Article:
As far as wars and ‘interventions’ go, the conflict in Yemen has received relatively little media attention over the past three years.
A civil war and power struggle between different sectarian groups has meant the conflict has turned into another proxy war involving Saudi Arabia and Iran.
But the level of cruelty and destruction enacted by Saudi Arabia upon this country has perhaps never been witnessed in this region in modern times. Even Saddam Hussain’s much publicised Halabja gassing of the Kurds in 1988 pales in comparison to what the Saudis have done to Yemen.
The country’s population is now mostly starving and no aid has been able to get in because of a Saudi blockade. Skeletal children are being kept (marginally) alive in specially designated ‘feeding centres’, and families have to choose which of their many starving children to take to the centre. And a cholera epidemic is sweeping through the land while the blockade keeps medicines and supplies from reaching the sick and vulnerable.
But now slightly more attention is being paid to Yemen’s plight after the recent UN warning that the country faced massive famine if the blockade was not lifted (UN humanitarian flights were cancelled earlier this month). Since then, the UN has been urging the ‘Saudi coalition’ to reopen Yemen ports. The coalition’s bombing of Sanaa airport was not terribly helpful either.
Whether or not the Saudis succumb to international pressures and partially lift the blockade, the fact remains that they have already destroyed and starved their neighbour — and the world has stood by and watched.
Apparently, this sort of behaviour is perfectly in line with western democratic norms and no Arab Spring was needed in KSA. Otherwise, why has this been tolerated by the champions of democracy in the West?
After three years of this cruelty, the US congress finally discussed the matter last week and came up with a naive ‘nobody told me’ sort of statement saying that it “had not authorised war in Yemen”.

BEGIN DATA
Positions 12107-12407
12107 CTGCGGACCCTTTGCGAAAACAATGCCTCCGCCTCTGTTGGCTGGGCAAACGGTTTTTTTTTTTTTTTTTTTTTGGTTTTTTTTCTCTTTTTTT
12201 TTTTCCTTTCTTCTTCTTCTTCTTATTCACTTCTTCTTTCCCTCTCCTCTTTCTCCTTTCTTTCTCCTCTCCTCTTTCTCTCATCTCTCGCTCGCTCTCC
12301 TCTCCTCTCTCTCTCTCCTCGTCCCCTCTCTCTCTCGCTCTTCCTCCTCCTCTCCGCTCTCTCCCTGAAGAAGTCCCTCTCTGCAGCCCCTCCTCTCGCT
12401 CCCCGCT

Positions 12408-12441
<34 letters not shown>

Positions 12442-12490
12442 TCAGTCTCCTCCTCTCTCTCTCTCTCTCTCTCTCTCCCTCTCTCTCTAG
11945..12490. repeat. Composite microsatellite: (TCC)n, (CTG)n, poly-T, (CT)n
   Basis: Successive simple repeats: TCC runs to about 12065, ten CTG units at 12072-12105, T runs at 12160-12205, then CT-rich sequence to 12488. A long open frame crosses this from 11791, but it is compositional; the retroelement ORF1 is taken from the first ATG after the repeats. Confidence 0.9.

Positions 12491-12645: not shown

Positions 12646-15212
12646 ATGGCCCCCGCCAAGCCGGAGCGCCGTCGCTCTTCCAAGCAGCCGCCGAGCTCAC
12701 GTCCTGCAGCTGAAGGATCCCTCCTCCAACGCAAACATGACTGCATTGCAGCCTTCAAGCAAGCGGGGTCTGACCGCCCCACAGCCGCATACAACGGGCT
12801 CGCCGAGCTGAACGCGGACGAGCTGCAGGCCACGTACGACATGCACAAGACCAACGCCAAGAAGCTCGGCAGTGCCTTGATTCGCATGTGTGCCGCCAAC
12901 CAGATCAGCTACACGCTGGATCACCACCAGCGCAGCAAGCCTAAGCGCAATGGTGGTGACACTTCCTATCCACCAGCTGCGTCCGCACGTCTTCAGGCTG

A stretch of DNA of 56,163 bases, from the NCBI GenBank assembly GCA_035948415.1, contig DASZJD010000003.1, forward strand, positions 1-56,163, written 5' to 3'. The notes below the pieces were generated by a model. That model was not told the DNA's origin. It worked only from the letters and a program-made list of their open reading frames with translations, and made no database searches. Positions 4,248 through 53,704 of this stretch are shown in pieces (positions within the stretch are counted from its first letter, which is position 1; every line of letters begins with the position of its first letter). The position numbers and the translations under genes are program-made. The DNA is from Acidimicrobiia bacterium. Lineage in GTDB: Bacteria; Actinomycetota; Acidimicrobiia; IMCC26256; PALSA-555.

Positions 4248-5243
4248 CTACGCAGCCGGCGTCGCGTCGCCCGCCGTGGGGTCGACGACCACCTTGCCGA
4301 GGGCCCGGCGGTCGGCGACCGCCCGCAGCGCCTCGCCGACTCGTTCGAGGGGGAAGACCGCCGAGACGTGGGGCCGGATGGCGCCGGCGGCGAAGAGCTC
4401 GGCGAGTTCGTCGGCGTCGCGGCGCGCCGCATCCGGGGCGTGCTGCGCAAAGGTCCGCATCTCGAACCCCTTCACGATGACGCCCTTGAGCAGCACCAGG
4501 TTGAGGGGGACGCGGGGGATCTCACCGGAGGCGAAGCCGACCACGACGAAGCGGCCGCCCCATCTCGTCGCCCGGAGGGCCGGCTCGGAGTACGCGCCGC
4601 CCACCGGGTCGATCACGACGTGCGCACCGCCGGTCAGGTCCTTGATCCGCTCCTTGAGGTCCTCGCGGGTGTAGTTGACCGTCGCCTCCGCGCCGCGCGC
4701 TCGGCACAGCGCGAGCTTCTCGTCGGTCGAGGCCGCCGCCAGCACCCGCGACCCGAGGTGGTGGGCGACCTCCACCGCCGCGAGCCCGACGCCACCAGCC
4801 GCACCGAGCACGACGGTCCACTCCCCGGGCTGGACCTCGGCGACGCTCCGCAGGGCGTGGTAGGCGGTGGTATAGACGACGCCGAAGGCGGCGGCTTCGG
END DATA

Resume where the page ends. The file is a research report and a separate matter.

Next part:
Meanwhile, the British government has so far not paid any attention to the criticisms being voiced of its arms dealings with Saudi Arabia, and the accusations that British bombs were used by the Saudis on their neighbour. These criticisms of the defence relationship between KSA and the UK are nothing new; yet somehow the lack of attention to these criticisms indicate that the government considers it perfectly okay to supply and tolerate a completely undemocratic and despotic monarchy that treats its women like property, and bombs and starves its neighbours. It’s likely that the UK, like the USA and the UN, will have many more discussions and issue more statements about the siege and the famine over the next few days. It will probably say a great deal but do nothing much to actually force the Saudis to end the siege or the bombing.
Many brave correspondents have travelled to this war zone; their dispatches describe a horrific situation. Their reports are harrowing and heartbreaking. Yet despite these reports, countries in the western bloc have been strangely cowed down by the Saudis and have failed to stop the fighting.
What I find truly mindboggling is that this barbaric situation exists in the 21st century. A country is being systematically starved, yet the level of outrage has not been proportionate to the level of destruction. Plus, it’s not been considered worth giving it the ‘band aid’ treatment yet by doing a fundraising concert at an international level.
Yemen, home to an ancient civilisation and many architectural splendours, has been forgotten by the world. Occasional statements by human rights organisations have done nothing to relieve the hunger, starvation and misery of Yemenis. Instead, we simply watch as this drama of death and destruction unfolds before our eyes.
Is this the face of this age of progress: our 21st century?